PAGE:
I have purchased iris that say they are reblooming. Why don’t they rebloom in the fall?
There is a wealth of interest in reblooming iris. The traditional iris blooms only once, in the spring, and goes into summer dormancy. Hybridizers continue to work on iris that bloom multiple times during the year. Most rebloomers bloom in the spring and then again in summer or fall. There is even a group called “everbloomers” because they bloom constantly, until frost, if the conditions are right.
Rebloomers are almost as easy to grow as the ordinary iris. They need well-drained soil and to be fertilized in spring as well as after the spring bloom with a fertilizer that is fairly low in nitrogen such as a 5-10-5 mixed 50/50 with superphosphate. You don’t want them to go into dormancy after blooming the first time, so continue to water during dry weather. Ordinary iris can be planted under shade trees because they only need sun before they bloom in the spring. Rebloomers need at least a half day of sun all year. These reblooming varieties are said to be more resistant to rot, more vigorous in growth, with less spot and insect damage.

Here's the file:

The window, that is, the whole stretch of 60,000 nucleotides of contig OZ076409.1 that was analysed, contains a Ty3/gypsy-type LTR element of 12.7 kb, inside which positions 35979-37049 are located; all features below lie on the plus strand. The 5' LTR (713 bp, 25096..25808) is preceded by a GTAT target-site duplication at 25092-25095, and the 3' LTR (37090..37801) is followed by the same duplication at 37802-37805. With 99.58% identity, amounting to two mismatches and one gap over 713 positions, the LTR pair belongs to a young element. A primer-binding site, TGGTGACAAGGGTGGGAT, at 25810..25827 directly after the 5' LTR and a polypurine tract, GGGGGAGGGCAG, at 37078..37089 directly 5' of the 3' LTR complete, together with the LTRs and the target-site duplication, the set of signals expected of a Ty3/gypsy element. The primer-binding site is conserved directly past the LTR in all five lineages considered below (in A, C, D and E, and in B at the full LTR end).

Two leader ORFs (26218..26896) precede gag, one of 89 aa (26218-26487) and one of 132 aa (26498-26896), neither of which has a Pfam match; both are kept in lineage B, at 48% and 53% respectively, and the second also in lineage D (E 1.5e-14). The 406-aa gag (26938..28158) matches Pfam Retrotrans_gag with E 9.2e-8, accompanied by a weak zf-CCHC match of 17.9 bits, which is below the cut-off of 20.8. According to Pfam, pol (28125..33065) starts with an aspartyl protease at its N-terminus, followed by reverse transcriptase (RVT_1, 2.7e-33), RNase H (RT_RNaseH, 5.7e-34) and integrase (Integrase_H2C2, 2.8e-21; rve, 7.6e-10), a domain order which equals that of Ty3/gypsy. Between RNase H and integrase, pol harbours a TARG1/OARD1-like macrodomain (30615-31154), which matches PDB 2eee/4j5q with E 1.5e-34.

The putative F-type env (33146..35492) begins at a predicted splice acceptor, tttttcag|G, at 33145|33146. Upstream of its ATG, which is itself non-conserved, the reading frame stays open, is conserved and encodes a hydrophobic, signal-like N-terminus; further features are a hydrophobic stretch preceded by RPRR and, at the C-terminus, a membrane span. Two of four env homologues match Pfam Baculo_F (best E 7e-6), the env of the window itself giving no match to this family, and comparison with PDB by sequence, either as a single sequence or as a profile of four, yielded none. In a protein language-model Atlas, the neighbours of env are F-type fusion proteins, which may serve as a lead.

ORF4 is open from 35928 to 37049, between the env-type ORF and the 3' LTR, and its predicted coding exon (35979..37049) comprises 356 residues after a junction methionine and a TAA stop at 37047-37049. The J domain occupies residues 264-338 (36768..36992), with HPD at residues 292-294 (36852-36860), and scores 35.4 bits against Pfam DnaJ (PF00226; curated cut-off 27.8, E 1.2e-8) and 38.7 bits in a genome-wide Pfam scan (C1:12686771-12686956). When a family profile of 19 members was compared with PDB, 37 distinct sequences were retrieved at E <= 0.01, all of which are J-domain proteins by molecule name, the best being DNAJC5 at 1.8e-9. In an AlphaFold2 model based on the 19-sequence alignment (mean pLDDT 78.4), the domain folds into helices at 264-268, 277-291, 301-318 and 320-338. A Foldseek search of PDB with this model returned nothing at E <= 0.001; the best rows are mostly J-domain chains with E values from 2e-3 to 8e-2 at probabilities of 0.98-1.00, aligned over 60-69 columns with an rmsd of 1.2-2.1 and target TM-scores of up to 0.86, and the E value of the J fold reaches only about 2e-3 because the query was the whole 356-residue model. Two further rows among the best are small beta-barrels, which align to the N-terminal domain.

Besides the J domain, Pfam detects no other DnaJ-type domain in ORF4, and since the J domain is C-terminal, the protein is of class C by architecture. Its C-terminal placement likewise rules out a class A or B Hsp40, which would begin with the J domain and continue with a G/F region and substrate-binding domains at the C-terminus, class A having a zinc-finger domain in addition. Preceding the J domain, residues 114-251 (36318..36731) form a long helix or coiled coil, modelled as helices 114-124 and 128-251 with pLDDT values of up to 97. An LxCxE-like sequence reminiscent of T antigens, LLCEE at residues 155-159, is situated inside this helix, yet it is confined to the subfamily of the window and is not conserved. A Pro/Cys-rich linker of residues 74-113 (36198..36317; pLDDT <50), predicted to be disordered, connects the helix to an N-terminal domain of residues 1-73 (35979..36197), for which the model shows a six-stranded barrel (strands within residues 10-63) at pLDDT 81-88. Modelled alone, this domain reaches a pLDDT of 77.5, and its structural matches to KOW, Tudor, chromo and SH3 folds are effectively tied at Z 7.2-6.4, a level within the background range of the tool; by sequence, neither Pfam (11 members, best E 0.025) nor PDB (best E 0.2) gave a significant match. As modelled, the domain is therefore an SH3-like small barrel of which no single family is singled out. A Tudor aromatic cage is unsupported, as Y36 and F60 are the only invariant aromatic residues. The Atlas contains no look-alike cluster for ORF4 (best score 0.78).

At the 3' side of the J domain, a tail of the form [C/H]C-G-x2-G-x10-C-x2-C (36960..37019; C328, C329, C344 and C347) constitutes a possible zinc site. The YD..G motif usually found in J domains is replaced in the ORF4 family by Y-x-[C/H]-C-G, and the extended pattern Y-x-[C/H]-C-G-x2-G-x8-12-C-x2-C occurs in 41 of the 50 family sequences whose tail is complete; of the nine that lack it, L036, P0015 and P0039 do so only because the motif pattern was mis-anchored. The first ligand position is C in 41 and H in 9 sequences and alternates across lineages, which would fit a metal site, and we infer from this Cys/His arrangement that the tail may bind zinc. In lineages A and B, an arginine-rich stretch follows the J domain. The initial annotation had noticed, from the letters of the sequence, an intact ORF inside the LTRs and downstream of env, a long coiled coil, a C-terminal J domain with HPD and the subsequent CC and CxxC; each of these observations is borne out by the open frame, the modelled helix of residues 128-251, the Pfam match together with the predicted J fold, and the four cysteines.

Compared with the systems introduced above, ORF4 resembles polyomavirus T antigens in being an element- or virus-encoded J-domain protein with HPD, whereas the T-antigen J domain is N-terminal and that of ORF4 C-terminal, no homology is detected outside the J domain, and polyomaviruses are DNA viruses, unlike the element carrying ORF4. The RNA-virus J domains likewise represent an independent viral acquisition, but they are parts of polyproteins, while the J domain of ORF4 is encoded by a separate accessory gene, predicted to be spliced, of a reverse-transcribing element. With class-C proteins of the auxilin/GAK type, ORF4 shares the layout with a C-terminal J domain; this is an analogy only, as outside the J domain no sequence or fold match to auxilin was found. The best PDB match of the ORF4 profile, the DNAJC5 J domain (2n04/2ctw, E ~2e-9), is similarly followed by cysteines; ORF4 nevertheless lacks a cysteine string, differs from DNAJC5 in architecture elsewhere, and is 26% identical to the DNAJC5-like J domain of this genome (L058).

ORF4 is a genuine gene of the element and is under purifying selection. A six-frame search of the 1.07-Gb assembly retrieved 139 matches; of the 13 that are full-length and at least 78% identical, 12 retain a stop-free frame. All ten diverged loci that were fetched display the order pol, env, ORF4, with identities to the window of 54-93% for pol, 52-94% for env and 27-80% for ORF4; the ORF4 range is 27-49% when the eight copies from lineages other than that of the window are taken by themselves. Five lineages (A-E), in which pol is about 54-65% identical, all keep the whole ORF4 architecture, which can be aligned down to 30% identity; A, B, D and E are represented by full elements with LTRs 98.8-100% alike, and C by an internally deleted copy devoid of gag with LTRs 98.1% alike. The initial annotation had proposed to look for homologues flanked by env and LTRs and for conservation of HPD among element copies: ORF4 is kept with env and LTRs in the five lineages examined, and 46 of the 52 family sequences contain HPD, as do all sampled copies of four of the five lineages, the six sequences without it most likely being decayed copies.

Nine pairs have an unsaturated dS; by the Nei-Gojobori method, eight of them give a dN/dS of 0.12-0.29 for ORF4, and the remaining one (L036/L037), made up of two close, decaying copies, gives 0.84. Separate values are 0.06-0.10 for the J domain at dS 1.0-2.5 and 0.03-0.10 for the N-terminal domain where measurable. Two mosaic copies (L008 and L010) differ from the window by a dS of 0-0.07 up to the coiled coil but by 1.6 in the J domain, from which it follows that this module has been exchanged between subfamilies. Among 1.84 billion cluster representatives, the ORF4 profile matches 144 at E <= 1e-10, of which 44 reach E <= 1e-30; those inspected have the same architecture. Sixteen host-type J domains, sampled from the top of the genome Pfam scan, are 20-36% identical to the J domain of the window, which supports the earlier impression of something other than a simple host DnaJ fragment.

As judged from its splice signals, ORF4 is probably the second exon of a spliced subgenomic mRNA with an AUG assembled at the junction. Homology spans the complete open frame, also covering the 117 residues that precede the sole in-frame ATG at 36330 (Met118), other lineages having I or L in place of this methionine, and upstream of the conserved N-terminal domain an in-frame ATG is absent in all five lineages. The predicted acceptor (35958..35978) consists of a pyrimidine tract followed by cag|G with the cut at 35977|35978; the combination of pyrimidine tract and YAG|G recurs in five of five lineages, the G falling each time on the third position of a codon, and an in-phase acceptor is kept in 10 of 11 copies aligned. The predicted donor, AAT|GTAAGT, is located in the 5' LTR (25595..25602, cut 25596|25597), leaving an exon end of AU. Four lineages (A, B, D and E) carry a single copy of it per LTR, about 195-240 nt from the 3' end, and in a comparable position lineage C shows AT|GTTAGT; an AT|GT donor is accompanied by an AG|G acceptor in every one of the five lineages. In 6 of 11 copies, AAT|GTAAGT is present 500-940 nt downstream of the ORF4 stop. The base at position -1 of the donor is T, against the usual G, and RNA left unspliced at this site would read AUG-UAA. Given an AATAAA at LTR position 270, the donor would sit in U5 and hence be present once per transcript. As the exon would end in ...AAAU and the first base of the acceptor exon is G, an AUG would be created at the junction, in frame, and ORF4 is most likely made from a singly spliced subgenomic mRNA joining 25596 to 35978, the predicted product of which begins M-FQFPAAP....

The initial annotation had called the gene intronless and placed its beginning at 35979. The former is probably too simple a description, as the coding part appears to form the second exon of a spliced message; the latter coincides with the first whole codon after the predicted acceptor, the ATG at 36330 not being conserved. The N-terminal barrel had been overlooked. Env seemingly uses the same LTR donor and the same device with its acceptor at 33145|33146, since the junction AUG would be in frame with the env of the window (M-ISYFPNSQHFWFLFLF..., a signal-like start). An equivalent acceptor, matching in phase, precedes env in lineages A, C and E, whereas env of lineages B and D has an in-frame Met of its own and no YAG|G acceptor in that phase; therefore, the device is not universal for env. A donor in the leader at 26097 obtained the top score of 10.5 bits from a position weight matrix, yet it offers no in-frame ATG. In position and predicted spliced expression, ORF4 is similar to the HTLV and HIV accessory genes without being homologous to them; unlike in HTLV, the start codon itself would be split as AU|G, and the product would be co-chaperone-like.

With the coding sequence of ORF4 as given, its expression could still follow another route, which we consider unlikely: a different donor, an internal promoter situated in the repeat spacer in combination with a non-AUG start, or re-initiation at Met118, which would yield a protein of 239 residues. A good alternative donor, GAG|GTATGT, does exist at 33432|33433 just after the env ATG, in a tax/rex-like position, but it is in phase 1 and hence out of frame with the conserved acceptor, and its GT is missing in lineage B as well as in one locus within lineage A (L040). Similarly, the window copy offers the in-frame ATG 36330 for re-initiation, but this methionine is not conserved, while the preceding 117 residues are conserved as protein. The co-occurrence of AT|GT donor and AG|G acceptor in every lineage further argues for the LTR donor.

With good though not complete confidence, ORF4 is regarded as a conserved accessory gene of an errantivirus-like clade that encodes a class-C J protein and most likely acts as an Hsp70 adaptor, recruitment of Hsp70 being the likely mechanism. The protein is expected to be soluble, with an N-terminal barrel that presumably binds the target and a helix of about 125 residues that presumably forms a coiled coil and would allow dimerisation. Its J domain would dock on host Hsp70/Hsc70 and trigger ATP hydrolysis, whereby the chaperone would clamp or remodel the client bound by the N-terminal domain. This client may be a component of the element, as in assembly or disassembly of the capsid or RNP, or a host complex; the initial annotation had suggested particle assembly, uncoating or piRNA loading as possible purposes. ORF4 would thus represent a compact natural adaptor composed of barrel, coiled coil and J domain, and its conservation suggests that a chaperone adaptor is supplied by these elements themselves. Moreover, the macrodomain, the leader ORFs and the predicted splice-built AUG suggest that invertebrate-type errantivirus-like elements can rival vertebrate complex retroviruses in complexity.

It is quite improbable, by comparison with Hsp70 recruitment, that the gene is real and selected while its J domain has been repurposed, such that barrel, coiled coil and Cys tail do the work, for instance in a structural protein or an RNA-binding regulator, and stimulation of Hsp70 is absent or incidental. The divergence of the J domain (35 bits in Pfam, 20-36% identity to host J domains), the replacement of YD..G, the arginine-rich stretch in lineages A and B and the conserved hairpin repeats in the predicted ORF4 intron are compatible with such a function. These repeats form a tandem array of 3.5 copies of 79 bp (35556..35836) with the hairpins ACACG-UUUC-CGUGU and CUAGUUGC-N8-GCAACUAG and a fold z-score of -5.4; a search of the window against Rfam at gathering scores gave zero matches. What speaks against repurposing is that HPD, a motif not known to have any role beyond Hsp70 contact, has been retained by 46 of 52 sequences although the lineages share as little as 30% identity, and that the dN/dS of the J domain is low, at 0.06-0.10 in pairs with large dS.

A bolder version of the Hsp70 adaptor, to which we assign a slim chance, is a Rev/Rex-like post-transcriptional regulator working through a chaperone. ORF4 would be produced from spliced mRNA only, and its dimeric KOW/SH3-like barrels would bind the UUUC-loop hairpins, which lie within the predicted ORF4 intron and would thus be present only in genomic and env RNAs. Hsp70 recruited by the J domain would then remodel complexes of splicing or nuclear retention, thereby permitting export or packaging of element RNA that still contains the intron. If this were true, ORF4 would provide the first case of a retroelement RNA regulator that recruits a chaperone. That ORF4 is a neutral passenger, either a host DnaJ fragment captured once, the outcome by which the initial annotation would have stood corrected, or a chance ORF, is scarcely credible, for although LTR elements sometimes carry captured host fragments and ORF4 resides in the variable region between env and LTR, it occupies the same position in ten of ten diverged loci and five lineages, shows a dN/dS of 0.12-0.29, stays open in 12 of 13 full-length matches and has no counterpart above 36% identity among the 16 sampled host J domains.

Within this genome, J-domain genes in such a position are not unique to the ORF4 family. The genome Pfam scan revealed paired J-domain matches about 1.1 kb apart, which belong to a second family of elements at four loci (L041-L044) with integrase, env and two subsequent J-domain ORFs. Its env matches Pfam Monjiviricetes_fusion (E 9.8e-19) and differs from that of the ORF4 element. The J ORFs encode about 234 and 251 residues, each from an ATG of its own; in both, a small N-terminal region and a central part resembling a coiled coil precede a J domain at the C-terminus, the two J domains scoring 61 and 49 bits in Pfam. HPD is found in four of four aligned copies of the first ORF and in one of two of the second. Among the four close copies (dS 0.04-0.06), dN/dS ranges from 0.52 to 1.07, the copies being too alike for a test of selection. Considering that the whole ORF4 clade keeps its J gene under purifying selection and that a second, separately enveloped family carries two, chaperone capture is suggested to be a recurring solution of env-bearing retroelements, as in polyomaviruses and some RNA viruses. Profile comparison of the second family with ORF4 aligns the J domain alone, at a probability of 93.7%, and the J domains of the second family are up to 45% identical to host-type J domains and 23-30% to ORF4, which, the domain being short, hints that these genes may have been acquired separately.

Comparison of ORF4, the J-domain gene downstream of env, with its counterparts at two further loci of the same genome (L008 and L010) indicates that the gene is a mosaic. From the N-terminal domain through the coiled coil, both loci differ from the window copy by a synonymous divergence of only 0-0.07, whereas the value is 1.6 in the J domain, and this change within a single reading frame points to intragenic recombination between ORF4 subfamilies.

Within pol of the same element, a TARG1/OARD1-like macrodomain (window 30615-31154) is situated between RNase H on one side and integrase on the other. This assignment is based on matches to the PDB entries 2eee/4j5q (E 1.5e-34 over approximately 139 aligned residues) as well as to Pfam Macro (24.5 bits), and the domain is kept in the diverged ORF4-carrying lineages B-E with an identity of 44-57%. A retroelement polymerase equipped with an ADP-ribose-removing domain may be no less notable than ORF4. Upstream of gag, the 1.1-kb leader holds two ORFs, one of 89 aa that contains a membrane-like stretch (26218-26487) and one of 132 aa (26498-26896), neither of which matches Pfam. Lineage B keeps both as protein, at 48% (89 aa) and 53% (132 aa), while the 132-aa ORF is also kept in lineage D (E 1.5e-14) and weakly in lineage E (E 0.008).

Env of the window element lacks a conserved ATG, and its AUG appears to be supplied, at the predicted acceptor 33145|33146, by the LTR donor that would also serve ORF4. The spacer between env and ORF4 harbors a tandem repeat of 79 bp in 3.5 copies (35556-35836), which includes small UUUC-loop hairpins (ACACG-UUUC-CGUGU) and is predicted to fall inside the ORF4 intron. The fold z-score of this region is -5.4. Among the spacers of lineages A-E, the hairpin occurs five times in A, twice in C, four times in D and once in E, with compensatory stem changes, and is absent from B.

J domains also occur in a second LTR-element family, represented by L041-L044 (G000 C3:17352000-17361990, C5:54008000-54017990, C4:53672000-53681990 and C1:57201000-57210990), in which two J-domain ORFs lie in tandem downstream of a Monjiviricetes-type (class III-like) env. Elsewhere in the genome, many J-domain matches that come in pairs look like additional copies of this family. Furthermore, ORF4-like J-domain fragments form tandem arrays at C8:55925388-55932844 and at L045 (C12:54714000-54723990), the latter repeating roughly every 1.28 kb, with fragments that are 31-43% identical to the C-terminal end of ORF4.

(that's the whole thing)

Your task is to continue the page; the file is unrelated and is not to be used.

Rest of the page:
As fall approaches, cut off all flower stalks with buds and bring them indoors. Cut the remaining foliage to the ground. Uncut stalks usually freeze and fall over, causing rot. These reblooming iris increase faster than the standard iris and may need to be divided every second or third year.